Ultrasound and Nerve Stimulation: Perfect Together

Randall Coombs, MD, Chapel Hill, NC

March, 2007

Many anesthesiologists have shied away from performing peripheral nerve blocks on obese patients, because the techniques they have been using are inadequate to the task. Those of us who have been using a nerve stimulator without ultrasound have found it difficult, if not impossible, to palpate helpful landmarks like muscle bellies, bony prominences and arterial pulsations through a thick layer of fatty tissue. Those of us who have been using ultrasound alone also face challenges; ultrasound can be disorienting, since shades of black and white can make it difficult to ensure that what we are looking at really is the nerve we are seeking.

We have found a better way to deliver the benefits of peripheral nerve blocks to obese patients. At our facility, the combination of ultrasound imaging and confirmatory nerve stimulation allows us to deliver peripheral nerve blocks to obese patients with confidence. The ultrasound provides the real-time anatomic information so we can insert the needle in the correct location, while the motor response to nerve stimulation verifies that we are targeting the correct nerve.

Ultrasound is especially useful when the nerve we are seeking is close to structures we must avoid. With a supraclavicular block, for example, the nerves of the brachial plexus are very close to the subclavian artery and the lung. By watching the needle approach the plexus under ultrasound, we can be confident that we will avoid these structures. After confirming the correct location with nerve stimulation, the ultrasound also tells us if the local anesthetic we inject is going where we want it. We can safely move the needle above and below the plexus to make sure all the nerves are surrounded by local anesthetic. This approach has led to a very high success rate.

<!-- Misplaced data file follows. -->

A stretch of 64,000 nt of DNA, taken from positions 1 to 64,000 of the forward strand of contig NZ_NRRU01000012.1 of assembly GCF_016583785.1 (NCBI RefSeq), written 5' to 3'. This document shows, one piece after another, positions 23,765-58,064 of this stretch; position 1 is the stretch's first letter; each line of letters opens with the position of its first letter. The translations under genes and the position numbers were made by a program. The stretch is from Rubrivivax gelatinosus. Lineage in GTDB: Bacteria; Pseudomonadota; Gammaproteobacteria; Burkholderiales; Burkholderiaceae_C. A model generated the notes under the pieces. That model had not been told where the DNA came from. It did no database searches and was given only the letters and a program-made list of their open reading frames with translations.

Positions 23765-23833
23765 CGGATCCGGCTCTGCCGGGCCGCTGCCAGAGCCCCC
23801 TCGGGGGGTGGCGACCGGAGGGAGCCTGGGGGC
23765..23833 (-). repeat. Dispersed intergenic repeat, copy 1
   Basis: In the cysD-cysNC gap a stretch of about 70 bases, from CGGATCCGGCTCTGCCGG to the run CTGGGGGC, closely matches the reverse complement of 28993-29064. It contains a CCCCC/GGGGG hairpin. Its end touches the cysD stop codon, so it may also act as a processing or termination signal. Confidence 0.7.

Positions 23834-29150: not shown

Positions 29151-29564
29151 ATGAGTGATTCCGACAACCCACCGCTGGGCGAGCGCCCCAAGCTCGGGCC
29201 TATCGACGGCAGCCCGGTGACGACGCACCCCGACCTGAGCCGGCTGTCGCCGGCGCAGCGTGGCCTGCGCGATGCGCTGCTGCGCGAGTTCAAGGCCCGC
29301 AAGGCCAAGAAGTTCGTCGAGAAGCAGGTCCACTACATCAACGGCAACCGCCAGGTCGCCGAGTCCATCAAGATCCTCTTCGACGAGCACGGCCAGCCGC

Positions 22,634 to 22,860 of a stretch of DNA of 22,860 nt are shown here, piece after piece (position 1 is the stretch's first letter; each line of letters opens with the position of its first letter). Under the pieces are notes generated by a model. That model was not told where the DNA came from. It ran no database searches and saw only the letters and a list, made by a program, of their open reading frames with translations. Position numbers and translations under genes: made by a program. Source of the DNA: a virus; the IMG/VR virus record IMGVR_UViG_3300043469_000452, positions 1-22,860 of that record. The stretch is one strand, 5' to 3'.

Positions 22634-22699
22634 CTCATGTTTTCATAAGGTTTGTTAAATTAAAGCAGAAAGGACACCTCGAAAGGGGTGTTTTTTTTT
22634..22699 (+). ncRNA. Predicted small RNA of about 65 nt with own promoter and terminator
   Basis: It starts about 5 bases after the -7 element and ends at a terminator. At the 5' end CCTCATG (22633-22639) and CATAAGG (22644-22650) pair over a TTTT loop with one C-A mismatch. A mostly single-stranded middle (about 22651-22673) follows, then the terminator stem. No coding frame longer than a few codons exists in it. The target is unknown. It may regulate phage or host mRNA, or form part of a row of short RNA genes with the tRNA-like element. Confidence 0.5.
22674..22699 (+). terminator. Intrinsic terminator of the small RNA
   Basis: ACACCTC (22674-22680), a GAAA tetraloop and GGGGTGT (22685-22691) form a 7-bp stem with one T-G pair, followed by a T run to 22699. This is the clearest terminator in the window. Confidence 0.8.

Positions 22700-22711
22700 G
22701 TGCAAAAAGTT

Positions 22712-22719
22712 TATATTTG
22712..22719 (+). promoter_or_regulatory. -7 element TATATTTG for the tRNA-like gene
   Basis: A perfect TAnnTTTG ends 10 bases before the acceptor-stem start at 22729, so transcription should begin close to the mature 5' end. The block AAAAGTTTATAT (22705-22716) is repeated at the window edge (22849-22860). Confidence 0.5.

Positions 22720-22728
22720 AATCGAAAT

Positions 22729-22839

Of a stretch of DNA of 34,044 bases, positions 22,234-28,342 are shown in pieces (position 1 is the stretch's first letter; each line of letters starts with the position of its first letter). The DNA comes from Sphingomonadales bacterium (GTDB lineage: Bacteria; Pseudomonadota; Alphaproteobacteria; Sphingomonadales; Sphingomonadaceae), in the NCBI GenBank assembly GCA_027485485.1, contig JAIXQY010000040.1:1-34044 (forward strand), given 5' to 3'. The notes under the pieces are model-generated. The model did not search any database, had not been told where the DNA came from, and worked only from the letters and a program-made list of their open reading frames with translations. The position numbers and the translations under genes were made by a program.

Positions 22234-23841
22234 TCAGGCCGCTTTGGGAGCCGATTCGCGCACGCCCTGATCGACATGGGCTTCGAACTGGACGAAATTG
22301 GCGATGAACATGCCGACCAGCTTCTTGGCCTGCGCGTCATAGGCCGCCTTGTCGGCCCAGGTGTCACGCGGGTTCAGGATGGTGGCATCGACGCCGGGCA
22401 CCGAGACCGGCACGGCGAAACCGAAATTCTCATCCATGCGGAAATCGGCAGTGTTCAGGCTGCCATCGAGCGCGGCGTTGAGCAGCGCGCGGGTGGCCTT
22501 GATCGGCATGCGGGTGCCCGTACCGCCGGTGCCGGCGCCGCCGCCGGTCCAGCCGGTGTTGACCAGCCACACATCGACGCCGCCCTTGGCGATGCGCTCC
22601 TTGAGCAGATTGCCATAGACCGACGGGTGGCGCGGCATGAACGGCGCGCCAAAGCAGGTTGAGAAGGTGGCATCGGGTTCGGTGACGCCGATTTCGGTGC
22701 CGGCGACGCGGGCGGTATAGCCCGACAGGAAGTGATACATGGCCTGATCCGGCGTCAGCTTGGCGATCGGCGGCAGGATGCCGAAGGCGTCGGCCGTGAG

Another key to safe peripheral nerve blocks in these patients is very careful sedation and monitoring. For all patients, we routinely administer IV midazolam and fentanyl to reduce anxiety and discomfort during the blocking procedure; and we perform full EKG, pulse oximetry, and frequent BP monitoring during the procedure regardless of body weight. We routinely administer oxygen and, during the surgical procedure, we continue the sedation and may infuse IV propofol, as well. Since obese patients are very susceptible to obstruction of their airways under IV sedation, we titrate with extra care and we tend to keep sedation somewhat lighter. Fortunately, sleep apnea due to obstruction develops progressively, so we closely watch the patient's respiratory pattern, which provides sufficient warning of pending obstruction.

Thanks to these techniques, we can offer all patients prolonged post-op pain relief without the need for high-dose narcotics and their side effects, regardless of body weight. We can also offer obese patients a safer surgical experience, because we can avoid the increased risk of respiratory complications that obese patients are subjected to during and after general anesthesia.

Dr. Coombs is Director of Regional Anesthesia with the Department of Anesthesiology at the University of North Carolina at Chapel Hill.


Brought to you as an educational service by

Latest Articles

Total Joints at a Freestanding ASC? Why Not?

Read part 58

Are Nerve Stimulators Obsolete?

Read part 57

Nerve Stimulation with Ultrasound: The Clinical Benefits

Read part 56

Article Listing